Deseret News archive
One of the pivotal experiences of my life came when a couple in my ward invited me to attend a regional BYU Education Week in West Covina, Calif., in the late 1960s.
My aging memory may be confused, but I recall a stellar lineup of speakers. We heard from Elder Bruce R. McConkie (not yet a member of the Twelve) as well as Daniel Ludlow and Hugh Nibley, and were entertained by Mormon stories, humor and folk songs from “The Three D’s.”
For a mid-teen with intellectual aspirations who had been raised by a semi-active mother and a non-member father and who lacked much awareness of Mormon thought beyond Sunday School and seminary, it was pretty heady stuff. And nothing in those pivotal days was more heady or more exciting for me than Truman Madsen’s evening lectures. For three or maybe even four nights, he held me (and seemingly quite a few others) spellbound with eloquent presentations entitled “Existentialism,” “Logical Positivism” and ... well, I’ve forgotten the other titles.
But I was captivated. I was thrilled as Madsen discussed the views of leading thinkers on the biggest possible issues — and by Mormonism’s depth, as he placed it in conversation with them. His speeches opened my eyes to an exciting new world. I had never imagined that the restored gospel offered such a wealth of profound ideas; I’ve never been the same since.
I bought and devoured his transcribed lecture “Joseph Smith Among the Prophets” and his fascinating book “Eternal Man.” I subscribed to “BYU Studies.” I decided to apply to Brigham Young University when the time came.
There’s an aphorism currently circulating in some Mormon intellectual circles to the effect that “richness is the new proof” — suggesting that what will convince people of the truth of Mormonism is the quality of its content, with the subtext often being that old-style argumentation for the factuality of Mormon claims is obsolete.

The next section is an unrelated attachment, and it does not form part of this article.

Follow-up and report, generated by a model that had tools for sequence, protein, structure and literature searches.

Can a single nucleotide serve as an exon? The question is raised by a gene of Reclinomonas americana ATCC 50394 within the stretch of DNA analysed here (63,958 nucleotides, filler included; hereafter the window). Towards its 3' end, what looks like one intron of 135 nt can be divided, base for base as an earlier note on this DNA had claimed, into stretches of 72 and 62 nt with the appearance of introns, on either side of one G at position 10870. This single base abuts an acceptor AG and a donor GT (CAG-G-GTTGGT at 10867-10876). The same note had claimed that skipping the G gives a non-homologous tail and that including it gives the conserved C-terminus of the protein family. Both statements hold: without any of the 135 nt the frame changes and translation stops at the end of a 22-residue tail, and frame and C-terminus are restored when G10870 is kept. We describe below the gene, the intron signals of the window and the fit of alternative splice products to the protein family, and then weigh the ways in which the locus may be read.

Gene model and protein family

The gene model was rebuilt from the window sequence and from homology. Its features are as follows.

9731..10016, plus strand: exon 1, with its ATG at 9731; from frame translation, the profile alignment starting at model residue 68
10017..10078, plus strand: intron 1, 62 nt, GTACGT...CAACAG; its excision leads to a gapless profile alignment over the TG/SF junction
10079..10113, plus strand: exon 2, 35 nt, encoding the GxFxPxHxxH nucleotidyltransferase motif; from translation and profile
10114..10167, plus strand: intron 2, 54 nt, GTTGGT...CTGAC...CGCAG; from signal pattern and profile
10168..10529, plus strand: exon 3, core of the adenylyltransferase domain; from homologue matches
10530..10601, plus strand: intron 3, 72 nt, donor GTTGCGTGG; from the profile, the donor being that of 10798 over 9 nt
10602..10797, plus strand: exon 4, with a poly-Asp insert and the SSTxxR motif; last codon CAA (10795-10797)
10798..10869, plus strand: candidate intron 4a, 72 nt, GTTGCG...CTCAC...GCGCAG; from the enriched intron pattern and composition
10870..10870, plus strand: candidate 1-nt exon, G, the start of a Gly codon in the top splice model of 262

I have at least two problems with the statement. First, I’m uncomfortable with the term “proof.” I don’t think that empirical and publicly available “proof” of religious doctrine exists, or is even intended to exist. And I’m aware of no “old style” apologists who ever imagined themselves to be supplying such proof. Second, I can’t agree that defenses of the coherence and historical claims of Mormonism are obsolete. I don’t believe that the sheer beauty of the Christian idea can sustain faith in the absence of conviction, or at least reasonable hope, that core events of Christianity (e.g., the incarnation of Christ and his resurrection from the dead) are factually true. The gospel, the good news of Christ, must be more than merely “spilled poetry.”
That said, however, I agree that “richness” can be, and has been, a powerful invitation to faith and a supporting reason for it. This was certainly so for me, and still is.
That’s why I passionately believe that we need more philosophers, novelists, composers and artists to articulate the richness of the Restoration in ways that will touch the hearts and minds of people open to its truth. Madsen and Nibley had a decisive impact on me — Nibley’s work eventually helped in my father’s conversion, as well — and I want others to have similar experiences.
I want others to continue to profit from the words of Madsen and Nibley — and, for that matter, those of C.S. Lewis and many others — but there must continually be new voices, fresh ways of articulating the message of the Restoration. No single formulation will touch or reach everybody; many different ways of conveying the beautiful news of the gospel are needed.
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